Q: I recently purchased a new framing nailer that called for the use of 20-degree full-head nails. But when I went to the home-improvement store, I couldn't find any 20-degree nails. In fact, the shallowest degree of pitch I could find was 23 degrees. Are those nails safe to use, or will they jam the nailer? - Nick Wordlow, Cincinnati, OH
A: Your letter couldn't be more timely — I recently encountered the same problem. Bosch sent us one of its SN350-20F full-head framing nailers to test, and it too called for 20-degree nails. After striking out at hardware stores in search of nails, I broke down and called the company for advice.
According to Mike Oppor, product manager of metal products, dust collection and pneumatics for the Robert Bosch Tool Corp., using 23-degree nails in a 20-degree nailer is usually fine. In fact, you ought to be able to shoot nails ranging from 18 degrees to 23 degrees, provided that they are full-head nails and the strips are plastic collated. (The plastic collation provides just enough flexibility for the different-angle strips to run smoothly through the nail gun's magazine and firing mechanism.)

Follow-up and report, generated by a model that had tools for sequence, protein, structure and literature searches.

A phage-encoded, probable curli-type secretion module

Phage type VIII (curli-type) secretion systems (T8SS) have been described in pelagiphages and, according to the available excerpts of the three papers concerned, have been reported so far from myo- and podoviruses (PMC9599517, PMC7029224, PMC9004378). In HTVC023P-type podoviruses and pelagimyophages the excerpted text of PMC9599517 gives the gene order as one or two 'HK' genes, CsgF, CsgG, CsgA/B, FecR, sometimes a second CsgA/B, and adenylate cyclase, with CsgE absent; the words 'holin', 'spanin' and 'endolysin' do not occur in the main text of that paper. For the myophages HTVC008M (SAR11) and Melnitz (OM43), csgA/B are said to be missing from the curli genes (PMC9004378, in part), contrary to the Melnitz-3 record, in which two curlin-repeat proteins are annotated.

Mike also pointed out that if you're ever in doubt about your tool's capability, you can call the manufacturer's toll-free consumer help line (usually printed in the owner's manual, but also available online at the manufacturer's Web site). The customer support representatives should be able to answer most common tool-related questions. - HANDY
Plastic collation shown in the photo above allows just enough flexibility for the 23-degree full-head nails to run smoothly through a 20-degree framing nailer.